And then there’s former representative Bob Barr, whom you may remember from the Republican Revolution of 1994 . . . or as one of the House managers of the impeachment of Bill Clinton in 1998 . . . or as the Libertarian party’s presidential candidate in 2008.
The good news is that whatever you think about the major issues of the day, at some point in the past two decades, Bob Barr agreed with you. The bad news is he may set a record for the most pieces of legislation a congressman voted for and then later renounced.
A former U.S. Attorney, Barr in his early career was a staunch supporter of the War on Drugs. In 1998 Congressman Barr passed an amendment to the D.C. appropriations bill that prohibited the District from conducting a ballot initiative on the legalization of marijuana or reducing the penalties for its use.
Then in 2002, Barr lost his seat in a hard-fought Republican primary after Democrat-managed redistricting. By 2007 he had changed his thinking on drugs so dramatically that he became a lobbyist for the Marijuana Policy Project, and one of his efforts was to repeal the amendment that was named after him.
Then there’s marriage. In May 1996 Barr introduced the Defense of Marriage Act, barring federal recognition of same-sex marriage. Bill Clinton signed it into law later that year. Twelve years later, addressing the Libertarian national convention, Barr said: “The Defense of Marriage Act — in so far as it provided the federal government a club to club down the rights of law-abiding American citizens — has been abused, misused and should be repealed, and I will work to repeal that.”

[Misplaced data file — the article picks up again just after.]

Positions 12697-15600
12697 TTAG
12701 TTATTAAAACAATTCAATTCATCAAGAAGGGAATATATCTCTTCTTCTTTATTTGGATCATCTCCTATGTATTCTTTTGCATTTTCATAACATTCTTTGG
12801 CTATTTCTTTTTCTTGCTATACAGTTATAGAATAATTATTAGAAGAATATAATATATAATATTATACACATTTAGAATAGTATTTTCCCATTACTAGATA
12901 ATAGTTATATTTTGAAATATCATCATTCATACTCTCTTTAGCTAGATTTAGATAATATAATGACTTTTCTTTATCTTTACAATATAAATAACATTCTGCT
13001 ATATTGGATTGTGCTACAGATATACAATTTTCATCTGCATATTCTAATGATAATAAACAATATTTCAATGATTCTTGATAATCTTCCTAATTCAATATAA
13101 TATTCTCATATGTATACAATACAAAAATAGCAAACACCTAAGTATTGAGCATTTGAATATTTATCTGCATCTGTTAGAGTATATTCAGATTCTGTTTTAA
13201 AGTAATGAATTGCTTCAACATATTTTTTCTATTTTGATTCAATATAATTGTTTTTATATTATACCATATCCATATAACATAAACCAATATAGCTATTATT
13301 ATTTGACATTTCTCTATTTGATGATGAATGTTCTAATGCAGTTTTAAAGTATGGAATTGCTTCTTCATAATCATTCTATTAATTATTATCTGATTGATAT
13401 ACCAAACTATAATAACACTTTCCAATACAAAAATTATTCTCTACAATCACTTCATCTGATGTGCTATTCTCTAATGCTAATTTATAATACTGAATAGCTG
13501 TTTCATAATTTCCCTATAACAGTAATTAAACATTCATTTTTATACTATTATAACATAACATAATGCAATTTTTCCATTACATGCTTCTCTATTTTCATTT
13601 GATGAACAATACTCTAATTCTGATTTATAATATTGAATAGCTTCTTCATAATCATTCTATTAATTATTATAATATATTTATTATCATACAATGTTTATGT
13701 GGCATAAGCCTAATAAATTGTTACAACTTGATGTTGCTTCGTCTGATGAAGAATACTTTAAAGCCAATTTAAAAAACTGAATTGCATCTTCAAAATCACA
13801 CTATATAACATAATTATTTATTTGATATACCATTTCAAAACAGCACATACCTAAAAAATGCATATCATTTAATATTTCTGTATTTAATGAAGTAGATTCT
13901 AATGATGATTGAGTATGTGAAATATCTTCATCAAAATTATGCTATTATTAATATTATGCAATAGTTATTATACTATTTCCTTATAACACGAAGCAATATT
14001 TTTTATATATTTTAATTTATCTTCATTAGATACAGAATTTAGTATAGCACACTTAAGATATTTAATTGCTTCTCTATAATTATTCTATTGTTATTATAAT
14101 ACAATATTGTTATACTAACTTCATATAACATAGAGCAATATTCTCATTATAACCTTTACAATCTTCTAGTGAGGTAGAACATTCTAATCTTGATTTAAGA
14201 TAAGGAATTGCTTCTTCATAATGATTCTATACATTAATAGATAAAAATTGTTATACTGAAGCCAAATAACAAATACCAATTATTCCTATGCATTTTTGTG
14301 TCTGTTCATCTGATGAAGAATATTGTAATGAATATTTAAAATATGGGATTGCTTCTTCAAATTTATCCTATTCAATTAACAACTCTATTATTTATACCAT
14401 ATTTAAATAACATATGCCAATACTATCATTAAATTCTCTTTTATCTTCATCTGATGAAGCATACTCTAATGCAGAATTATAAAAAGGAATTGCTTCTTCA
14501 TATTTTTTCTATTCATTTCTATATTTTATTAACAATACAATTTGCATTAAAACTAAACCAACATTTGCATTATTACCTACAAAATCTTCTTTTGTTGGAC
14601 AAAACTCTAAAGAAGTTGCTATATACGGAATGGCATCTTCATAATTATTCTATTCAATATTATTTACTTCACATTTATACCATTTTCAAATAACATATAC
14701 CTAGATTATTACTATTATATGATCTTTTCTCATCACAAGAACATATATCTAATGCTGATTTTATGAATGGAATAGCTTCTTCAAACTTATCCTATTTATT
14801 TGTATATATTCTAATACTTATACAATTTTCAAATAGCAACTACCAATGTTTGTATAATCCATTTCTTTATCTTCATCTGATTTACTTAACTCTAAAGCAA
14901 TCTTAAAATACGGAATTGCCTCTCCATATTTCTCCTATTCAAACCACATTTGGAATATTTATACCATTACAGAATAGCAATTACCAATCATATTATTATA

Then earlier this year, when the Supreme Court ruled the Defense of Marriage Act unconstitutional, Barr wrote on his Facebook page:
I personally believe marriage should be defined as between one man and one woman and, if it were on the ballot in Georgia, I’d vote that way. However, I have come to believe that it’s yet one more example of the federal government’s delving into areas that throughout our history have been best left to the states. I trust the judgement [sic] of the people of Georgia more than that of Washington, D.C.
Barr could argue that he’s always believed that marriage should be defined as one man and one woman, but states should make that determination, not the federal government. Yet his emphasis conveniently shifts depending upon whether his audience consists of socially conservative Republicans or pro-gay-marriage Libertarians.
Barr voted for the Patriot Act in 2001 but has spent much of the past decade denouncing its provisions. By 2003, he was accusing Attorney General John Ashcroft of “traveling the heartland to sow fear and to endeavor to limit public discourse over the most basic of our freedoms.” At the Libertarian convention in 2008, he said of the Patriot Act that he wanted to “drive a stake through its heart, burn it, shoot it, [and] burn it again.”